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Music in the news

by The Concordian September 20, 2011
It’s sex, drugs and rock & roll, minus the first and last part

Interscope Records, responsible for such acts as Lady Gaga, Eminem and U2, has been dealing out more than just record contracts. According to the Wall Street Journal, the company “was used by a drug-trafficking ring as a waystation for cases stuffed with cocaine and vacuum-packed $20 bills.” These allegations stem from a letter listing evidence against music industry manager James “Henchman” Rosemond, who has been in custody since his indictment on drug trafficking charges in June. Members of Rosemond’s organization allegedly used musical equipment ‘’road cases’’ to send cocaine from Los Angeles to New York. Those same cases would then be sent back with hundreds of thousands of dollars in cash to Interscope’s California headquarters. Rosemond is facing 18 felony charges and could spend the rest of his life in jail if convicted. Interscope has since denied in a company statement that any employees had any involvement in the ring, and that the company had no “knowledge of the contents of any of the packages that were purportedly shipped to its offices.”

Express yourself, just not to me

Volunteers at the Toronto International Film Festival got a special treat last week when they were lucky enough to be made to stare at a wall as Madonna walked past them. According to The Globe and Mail, eight volunteers working backstage “were asked to turn their faces to a wall so that they would not look at the pop-star-turned-movie-director as she made her way to her press conference about the film.” Her spokesperson Liz Rosenberg flatly denied the allegations: “She has never and would never ask anyone to do that ever.”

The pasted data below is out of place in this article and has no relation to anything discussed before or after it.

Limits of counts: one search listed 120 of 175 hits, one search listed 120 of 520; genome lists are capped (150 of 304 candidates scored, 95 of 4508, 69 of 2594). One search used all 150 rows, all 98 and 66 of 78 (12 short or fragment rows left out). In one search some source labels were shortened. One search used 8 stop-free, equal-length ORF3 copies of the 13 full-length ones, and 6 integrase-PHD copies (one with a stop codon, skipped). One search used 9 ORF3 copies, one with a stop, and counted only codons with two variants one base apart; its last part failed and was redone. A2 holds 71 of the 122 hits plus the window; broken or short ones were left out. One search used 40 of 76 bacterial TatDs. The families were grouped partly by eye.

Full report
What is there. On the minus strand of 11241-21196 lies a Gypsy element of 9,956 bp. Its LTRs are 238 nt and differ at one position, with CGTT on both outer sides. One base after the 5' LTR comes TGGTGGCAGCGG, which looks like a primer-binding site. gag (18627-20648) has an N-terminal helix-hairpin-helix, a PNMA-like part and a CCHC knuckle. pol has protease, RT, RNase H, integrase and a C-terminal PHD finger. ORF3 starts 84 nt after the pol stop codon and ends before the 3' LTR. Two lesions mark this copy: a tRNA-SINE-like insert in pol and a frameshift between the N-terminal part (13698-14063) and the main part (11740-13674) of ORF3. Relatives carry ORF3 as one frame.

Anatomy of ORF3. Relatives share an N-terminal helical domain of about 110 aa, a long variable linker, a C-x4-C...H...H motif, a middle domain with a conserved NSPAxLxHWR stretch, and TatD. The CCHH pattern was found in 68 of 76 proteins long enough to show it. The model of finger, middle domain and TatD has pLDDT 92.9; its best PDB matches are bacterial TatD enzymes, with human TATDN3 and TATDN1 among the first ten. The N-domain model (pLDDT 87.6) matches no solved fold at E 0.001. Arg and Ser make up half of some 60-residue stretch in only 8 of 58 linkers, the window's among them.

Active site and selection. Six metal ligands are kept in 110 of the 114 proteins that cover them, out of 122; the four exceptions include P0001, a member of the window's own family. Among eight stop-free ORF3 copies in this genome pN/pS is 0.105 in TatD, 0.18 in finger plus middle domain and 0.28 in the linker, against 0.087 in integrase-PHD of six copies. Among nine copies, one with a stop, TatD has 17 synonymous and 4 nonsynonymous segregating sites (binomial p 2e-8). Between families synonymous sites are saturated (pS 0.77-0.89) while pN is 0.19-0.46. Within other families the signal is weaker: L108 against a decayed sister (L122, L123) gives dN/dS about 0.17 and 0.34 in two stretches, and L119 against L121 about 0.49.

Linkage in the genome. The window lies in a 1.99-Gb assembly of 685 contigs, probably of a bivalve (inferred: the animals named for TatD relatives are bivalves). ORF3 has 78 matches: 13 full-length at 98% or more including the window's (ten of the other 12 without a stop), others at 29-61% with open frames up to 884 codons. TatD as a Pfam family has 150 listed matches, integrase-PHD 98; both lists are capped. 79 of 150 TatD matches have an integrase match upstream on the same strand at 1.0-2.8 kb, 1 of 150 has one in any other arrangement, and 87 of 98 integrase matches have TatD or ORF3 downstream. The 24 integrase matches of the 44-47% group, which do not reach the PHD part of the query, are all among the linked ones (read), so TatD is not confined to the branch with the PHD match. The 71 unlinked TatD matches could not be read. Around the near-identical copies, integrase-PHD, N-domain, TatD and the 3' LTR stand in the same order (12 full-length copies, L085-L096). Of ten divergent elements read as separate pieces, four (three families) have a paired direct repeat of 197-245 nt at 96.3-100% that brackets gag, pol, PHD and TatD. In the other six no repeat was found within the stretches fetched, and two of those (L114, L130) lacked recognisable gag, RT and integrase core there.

Turning the other cheek may be a bad idea here…

Christian musician Jose Principe has sued the companies responsible for his latest album, claiming they put “odious” and “extremely offensive” titles on his songs, “depicting, among other things, homosexual rape.” Principe claims that he paid the defendants, Tabernáculo Internacional and Luis Aviles of Blessing Recording Studios, $5,500 to record, produce and make the master copy of his songs, only to find out after their release that someone had changed the titles of his songs. The new song titles include “Me Rescaron Las Bolas” [sic: recte, Rascaron] (“They Scratched My Balls”), “Por Que Tenía El Bicho Pelu” (“Because I Had a Hairy Cock”), “Pero Lo Tengo Chiquito” (“But It’s a Small One”), “En El Piso Me Clavaron” (“They Nailed Me to the Floor”), and “Dolía Pero Me Gustó” (“It Hurt But I Liked It”).

Most literal rock concert ever!

Seven concertgoers at Red Rocks Amphitheatre in Denver were injured after rocks and debris fell onto the crowd at the outdoor venue last week. The incident occurred at 1 a.m. just as Sound Tribe Sector 9, a psychedelic-electronica group, were finishing their set. The venue itself, which is surrounded by high walls of rock on three sides that routinely undergo maintenance, has not had a reported incident of this kind for 23 years.

 

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